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inheritance and static

P: n/a
Consider following example:

class A
{
public static Method()
{
/* ... */
}
}

class B : A
{
}

How can i chcek in Method() if it was called as B.Method() or A.Method()?

--
Semper Fidelis

Adam Klobukowski
at***@gabo.pl
Mar 30 '06 #1
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10 Replies


P: n/a
Maybe like this:

class testA
{
public void Method()
{System.Windows.Forms.MessageBox.Show(this.ToStrin g());}
}
class testB : testA
{
}

testA local_A = new testA();
local_A.Method();

testB local_B = new testB();
local_B.Method();

Frank Uray
"Adam Klobukowski" wrote:
Consider following example:

class A
{
public static Method()
{
/* ... */
}
}

class B : A
{
}

How can i chcek in Method() if it was called as B.Method() or A.Method()?

--
Semper Fidelis

Adam Klobukowski
at***@gabo.pl

Mar 30 '06 #2

P: n/a
Hi Adam,

Looking at the generated IL (dissasembled using Reflector
http://www.aisto.com/roeder/dotnet/) it looks like the actual call is
to A.Method regardless of how you write the c#.

adam

Adam Klobukowski wrote:
Consider following example:

class A
{
public static Method()
{
/* ... */
}
}

class B : A
{
}

How can i chcek in Method() if it was called as B.Method() or A.Method()?

--
Semper Fidelis

Adam Klobukowski
at***@gabo.pl


Mar 30 '06 #3

P: n/a

"Adam Klobukowski" <at***@gabo.pl> wrote in message
news:e0**********@nemesis.news.tpi.pl...
Consider following example:

class A
{
public static Method()
{
/* ... */
}
}

class B : A
{
}

How can i chcek in Method() if it was called as B.Method() or A.Method()?

class A {

public static void M() { M(false); }

protected static void M(bool derived){/* the biz */}}

class B : A{new static void M(){A.M(true);}}
Mar 30 '06 #4

P: n/a
Hi,

Remember that the entire point of the question was the fact that Method was
static
--
Ignacio Machin,
ignacio.machin AT dot.state.fl.us
Florida Department Of Transportation

"Frank Uray" <Fr*******@discussions.microsoft.com> wrote in message
news:1E**********************************@microsof t.com...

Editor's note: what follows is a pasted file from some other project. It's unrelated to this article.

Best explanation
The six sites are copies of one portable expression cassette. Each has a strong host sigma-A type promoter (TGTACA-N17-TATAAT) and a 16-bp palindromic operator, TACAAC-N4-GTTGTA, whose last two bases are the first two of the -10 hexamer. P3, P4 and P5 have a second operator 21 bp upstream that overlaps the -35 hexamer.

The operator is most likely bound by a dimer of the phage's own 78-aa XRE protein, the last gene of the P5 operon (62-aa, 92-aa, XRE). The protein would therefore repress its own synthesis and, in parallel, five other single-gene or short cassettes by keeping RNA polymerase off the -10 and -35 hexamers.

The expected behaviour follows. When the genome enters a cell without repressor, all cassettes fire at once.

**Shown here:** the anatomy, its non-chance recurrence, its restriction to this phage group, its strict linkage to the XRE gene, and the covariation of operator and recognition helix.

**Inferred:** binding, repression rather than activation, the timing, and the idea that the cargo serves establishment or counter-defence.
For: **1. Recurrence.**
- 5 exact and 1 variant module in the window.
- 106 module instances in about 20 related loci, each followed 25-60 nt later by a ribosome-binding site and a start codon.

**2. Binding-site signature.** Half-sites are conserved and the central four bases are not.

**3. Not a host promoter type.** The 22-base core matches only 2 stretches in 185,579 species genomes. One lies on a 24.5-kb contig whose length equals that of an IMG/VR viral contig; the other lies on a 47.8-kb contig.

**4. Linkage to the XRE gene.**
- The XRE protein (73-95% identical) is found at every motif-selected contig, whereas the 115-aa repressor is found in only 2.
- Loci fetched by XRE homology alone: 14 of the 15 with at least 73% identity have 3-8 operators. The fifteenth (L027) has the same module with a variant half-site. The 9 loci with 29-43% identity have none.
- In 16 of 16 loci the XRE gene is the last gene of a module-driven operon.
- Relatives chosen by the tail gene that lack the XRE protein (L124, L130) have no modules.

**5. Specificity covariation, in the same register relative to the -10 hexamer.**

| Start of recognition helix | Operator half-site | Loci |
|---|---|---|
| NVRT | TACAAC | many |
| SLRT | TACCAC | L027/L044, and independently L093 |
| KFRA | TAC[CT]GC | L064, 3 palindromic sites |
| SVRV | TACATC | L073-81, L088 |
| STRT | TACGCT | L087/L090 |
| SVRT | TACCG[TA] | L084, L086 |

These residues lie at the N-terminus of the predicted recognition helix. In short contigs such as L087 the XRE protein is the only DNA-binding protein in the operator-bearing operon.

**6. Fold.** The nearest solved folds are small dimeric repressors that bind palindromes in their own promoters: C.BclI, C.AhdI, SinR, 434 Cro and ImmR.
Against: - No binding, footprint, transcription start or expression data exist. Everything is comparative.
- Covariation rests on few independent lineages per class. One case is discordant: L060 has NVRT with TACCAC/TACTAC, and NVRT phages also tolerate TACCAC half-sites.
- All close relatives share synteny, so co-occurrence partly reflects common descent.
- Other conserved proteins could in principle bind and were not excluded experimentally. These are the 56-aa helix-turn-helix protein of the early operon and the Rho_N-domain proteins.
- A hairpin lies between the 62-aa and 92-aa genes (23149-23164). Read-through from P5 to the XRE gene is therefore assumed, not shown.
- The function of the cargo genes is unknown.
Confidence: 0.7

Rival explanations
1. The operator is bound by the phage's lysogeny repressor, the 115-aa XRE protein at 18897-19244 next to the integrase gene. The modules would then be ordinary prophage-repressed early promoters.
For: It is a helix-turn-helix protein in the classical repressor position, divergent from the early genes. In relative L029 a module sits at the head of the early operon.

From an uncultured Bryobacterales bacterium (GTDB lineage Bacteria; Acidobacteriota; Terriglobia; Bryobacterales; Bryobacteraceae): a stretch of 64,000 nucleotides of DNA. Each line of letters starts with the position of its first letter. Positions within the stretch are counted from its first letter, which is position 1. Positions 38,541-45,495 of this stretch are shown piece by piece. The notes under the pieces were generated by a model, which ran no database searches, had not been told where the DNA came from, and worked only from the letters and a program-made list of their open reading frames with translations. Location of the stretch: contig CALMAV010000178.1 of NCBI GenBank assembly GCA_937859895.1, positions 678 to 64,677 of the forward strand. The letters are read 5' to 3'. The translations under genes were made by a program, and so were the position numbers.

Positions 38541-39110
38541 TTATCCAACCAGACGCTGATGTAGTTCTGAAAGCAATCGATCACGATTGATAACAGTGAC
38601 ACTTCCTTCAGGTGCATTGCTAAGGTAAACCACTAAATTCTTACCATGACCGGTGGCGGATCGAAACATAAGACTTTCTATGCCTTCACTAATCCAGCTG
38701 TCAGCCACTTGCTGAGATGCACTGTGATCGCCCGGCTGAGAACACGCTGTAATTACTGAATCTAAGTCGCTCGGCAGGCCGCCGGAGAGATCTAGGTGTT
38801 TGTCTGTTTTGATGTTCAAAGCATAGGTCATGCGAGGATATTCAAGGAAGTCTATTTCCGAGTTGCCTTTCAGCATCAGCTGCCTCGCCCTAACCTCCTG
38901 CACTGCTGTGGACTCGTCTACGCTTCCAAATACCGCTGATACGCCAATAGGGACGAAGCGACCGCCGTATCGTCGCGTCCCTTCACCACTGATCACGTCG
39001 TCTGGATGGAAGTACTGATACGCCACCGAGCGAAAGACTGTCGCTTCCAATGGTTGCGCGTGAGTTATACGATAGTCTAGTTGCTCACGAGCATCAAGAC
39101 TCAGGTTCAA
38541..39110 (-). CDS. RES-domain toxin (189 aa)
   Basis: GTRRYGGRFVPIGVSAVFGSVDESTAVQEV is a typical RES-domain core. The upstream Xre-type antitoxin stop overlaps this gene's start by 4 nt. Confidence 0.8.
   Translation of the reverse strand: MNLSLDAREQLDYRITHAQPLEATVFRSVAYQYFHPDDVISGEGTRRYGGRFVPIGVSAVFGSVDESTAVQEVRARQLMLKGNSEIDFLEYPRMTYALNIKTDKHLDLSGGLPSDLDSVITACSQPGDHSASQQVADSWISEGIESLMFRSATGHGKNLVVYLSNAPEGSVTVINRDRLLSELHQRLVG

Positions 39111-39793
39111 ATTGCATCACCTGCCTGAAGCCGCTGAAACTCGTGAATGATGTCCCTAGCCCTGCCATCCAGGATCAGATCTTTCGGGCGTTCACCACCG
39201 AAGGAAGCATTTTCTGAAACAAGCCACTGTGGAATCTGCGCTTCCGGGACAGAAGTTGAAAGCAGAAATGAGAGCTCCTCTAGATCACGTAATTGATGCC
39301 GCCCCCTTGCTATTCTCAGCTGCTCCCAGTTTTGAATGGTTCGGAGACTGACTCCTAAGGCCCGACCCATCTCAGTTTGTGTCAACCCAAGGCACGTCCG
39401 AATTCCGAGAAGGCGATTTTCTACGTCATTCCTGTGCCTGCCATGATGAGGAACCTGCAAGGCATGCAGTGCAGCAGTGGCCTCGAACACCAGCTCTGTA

Maybe like this:

class testA
{
public void Method()
{System.Windows.Forms.MessageBox.Show(this.ToStrin g());}
}
class testB : testA
{
}

testA local_A = new testA();
local_A.Method();

testB local_B = new testB();
local_B.Method();

Frank Uray
"Adam Klobukowski" wrote:
Consider following example:

class A
{
public static Method()
{
/* ... */
}
}

class B : A
{
}

How can i chcek in Method() if it was called as B.Method() or A.Method()?

--
Semper Fidelis

Adam Klobukowski
at***@gabo.pl

Mar 30 '06 #5

P: n/a
Hi,

Frankly I do not think you can tell, either B.Method or A.Method should
gets resolve at compile time to call the correct method.

Why you need to know that?
--
Ignacio Machin,
ignacio.machin AT dot.state.fl.us
Florida Department Of Transportation
"Adam Klobukowski" <at***@gabo.pl> wrote in message
news:e0**********@nemesis.news.tpi.pl...
Consider following example:

class A
{
public static Method()
{
/* ... */
}
}

class B : A
{
}

How can i chcek in Method() if it was called as B.Method() or A.Method()?

--
Semper Fidelis

Adam Klobukowski
at***@gabo.pl

Mar 30 '06 #6

P: n/a
Ignacio Machin ( .NET/ C# MVP ) napisał(a):
Hi,

Frankly I do not think you can tell, either B.Method or A.Method should
gets resolve at compile time to call the correct method.

Why you need to know that?


Well, the whole idea seems to be flawed end will be redone in some other
way. The point was to be able to have a static function in class that
could beahave in different manner, dependint on classes that inherit
from it.

--
Semper Fidelis

Adam Klobukowski
at***@gabo.pl
Mar 30 '06 #7

P: n/a
Hi,

Well, the whole idea seems to be flawed end will be redone in some other
way. The point was to be able to have a static function in class that
could beahave in different manner, dependint on classes that inherit from
it.


What you want is a virtual method.

Also take a look at the singleton pattern, maybe you want something like
that.
--
Ignacio Machin,
ignacio.machin AT dot.state.fl.us
Florida Department Of Transportation
Mar 30 '06 #8

P: n/a
> Well, the whole idea seems to be flawed end will be redone in some other
way. The point was to be able to have a static function in class that
could beahave in different manner, dependint on classes that inherit
from it.


Yeah, the base class knows nothing about derived classes. Derived classes
will need to implement their specific functionality. It's very difficult to
break polymorphism, but it's always fun to try.
Mar 30 '06 #9

P: n/a
Not really an answer, but I had a similar question on an interview ...
and the solution I came up with was to throw an exception in the static
method and walk the stack trace to find the class making the call.
Ignacio Machin ( .NET/ C# MVP ) wrote:
Hi,

Frankly I do not think you can tell, either B.Method or A.Method should
gets resolve at compile time to call the correct method.

Why you need to know that?

Mar 30 '06 #10

P: n/a
John Murray <jm*****@pluck.com> wrote:
Not really an answer, but I had a similar question on an interview ...
and the solution I came up with was to throw an exception in the static
method and walk the stack trace to find the class making the call.


That's not reliable - it could be misled by inlining, for instance.

The real solution is not to use a design which goes against the
language and platform idioms.

--
Jon Skeet - <sk***@pobox.com>
http://www.pobox.com/~skeet Blog: http://www.msmvps.com/jon.skeet
If replying to the group, please do not mail me too
Mar 31 '06 #11

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